What is it about hydration that has got personal trainers, yogis, health coaches and sports team managers questioning, ‘how much water do I need to drink?’
Firstly, DEHYDRATION. What is it?
Defined as; “a harmful reduction in the amount of water in the body.”
Harmful being the key word to listen to here. As dehydration gets worse, so does the harmful effect it has on the body.
One of the first facts I learnt about dehydration was about sports performance in my A-level Physical Education (PE) studies – yes, I did PE for A-level…
A review of research conducted into dehydration in sports performance found that losing just 2% of your body weight in fluids could significantly reduce measurable aspects of performance such as endurance and mental focus.
This is because roughly 65-70% of your body is water, and the majority of that is in your blood. If your blood thickens, as it does when you get dehydrated, oxygen will be transported around the body more slowly. Therefore, the delivery of oxygen needed to contract muscles and help the brain to make decisions is delayed. Given that athletes can sweat out 6% to 10% of their body weight during competition, you can begin to understand why the importance of rehydrating/hydrating cannot be overemphasised.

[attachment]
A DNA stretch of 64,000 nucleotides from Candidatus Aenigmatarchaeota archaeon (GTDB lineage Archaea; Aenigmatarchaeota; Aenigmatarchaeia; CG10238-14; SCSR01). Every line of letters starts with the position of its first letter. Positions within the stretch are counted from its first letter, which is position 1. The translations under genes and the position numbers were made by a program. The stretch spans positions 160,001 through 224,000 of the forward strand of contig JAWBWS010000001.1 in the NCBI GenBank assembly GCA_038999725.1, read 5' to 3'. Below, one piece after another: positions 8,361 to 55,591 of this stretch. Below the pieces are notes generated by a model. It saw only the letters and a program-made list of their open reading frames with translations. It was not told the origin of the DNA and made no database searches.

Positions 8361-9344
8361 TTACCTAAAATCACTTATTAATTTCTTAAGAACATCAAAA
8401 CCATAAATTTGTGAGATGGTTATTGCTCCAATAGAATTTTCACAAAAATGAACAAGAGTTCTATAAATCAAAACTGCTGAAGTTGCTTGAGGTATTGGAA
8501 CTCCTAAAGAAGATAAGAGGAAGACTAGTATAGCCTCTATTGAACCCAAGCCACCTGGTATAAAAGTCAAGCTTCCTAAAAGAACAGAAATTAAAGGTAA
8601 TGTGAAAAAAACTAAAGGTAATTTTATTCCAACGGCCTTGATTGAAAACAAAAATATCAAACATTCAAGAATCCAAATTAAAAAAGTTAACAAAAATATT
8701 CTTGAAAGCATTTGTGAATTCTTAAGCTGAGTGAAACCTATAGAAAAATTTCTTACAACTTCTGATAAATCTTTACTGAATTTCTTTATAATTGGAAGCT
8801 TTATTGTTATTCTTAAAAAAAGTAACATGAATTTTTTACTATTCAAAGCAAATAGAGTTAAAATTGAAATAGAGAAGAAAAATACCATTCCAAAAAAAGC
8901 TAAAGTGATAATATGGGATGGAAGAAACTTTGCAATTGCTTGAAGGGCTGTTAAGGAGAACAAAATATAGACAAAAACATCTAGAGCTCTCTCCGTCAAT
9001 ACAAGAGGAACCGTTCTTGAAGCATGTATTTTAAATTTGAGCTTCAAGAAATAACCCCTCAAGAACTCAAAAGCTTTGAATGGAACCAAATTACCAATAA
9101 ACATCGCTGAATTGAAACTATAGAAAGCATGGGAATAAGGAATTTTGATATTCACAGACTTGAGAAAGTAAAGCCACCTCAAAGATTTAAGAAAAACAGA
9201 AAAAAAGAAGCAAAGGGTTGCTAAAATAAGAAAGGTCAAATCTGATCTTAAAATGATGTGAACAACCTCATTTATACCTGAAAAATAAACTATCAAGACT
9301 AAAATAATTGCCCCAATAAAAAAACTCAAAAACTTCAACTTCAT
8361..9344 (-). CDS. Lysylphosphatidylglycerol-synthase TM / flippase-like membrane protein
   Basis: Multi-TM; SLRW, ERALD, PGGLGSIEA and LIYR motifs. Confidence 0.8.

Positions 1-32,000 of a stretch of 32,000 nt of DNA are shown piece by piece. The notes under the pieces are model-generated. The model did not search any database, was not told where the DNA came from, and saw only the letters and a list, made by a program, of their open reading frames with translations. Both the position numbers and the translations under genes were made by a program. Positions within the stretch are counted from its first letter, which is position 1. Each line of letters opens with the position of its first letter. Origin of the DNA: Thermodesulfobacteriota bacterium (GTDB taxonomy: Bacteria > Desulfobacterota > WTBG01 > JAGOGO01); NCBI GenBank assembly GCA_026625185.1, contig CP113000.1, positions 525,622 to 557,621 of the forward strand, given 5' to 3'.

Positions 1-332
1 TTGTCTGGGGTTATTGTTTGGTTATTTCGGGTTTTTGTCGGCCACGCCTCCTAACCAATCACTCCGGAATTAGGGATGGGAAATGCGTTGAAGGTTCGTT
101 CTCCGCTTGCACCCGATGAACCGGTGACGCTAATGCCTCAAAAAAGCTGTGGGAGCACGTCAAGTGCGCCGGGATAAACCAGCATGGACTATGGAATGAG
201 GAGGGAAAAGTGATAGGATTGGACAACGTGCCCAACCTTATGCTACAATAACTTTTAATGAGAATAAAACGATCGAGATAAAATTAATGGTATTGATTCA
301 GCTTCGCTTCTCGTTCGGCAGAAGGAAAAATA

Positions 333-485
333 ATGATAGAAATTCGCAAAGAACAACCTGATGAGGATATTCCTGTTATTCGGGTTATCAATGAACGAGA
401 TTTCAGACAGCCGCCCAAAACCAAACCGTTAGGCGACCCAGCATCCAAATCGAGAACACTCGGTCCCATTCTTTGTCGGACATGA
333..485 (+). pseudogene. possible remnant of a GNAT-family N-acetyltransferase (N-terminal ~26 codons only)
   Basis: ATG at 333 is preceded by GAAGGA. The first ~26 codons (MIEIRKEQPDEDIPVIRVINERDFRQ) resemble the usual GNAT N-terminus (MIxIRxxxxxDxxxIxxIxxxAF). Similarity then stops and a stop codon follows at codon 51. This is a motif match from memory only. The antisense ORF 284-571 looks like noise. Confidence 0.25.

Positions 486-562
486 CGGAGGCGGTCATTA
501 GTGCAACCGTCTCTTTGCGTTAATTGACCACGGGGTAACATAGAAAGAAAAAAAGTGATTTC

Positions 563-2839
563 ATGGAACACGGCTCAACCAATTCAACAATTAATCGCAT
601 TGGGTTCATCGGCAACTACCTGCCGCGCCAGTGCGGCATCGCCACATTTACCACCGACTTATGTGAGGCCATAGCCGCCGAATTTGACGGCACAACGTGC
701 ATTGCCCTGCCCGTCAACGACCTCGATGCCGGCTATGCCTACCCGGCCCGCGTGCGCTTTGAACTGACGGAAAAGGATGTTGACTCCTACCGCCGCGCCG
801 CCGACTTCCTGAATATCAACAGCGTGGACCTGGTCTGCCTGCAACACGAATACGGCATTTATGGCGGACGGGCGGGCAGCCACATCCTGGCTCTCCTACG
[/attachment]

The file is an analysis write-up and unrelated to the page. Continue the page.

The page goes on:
Furthermore, when you are dehydrated, the body is forced to draw water from the intestines and bowels, this causes constipation. It also forces the liver to help the kidneys remove waste as they will not have enough water to do this job themseves. Normally the liver’s function is to metabolize stored fat. However, when the liver has to help the kidneys function, fat metabolism will not be completed and this contributes to fat storage.
Finally, water is a natural appetite suppressant. Cravings are often misinterpreted as food cravings, when they are really thirst cravings. If you are not drinking enough water over an extended period of time your thirst mechanism shuts down, especially as you grow older. As you increase your regular water intake this thirst signal reactivates and lets you know the difference between a water and a food craving.
Drinking more water will prove to be the simplest, least expensive, most powerful and longest lasting key to long-term fat reduction, better sports performance and optimum functioning of your organs.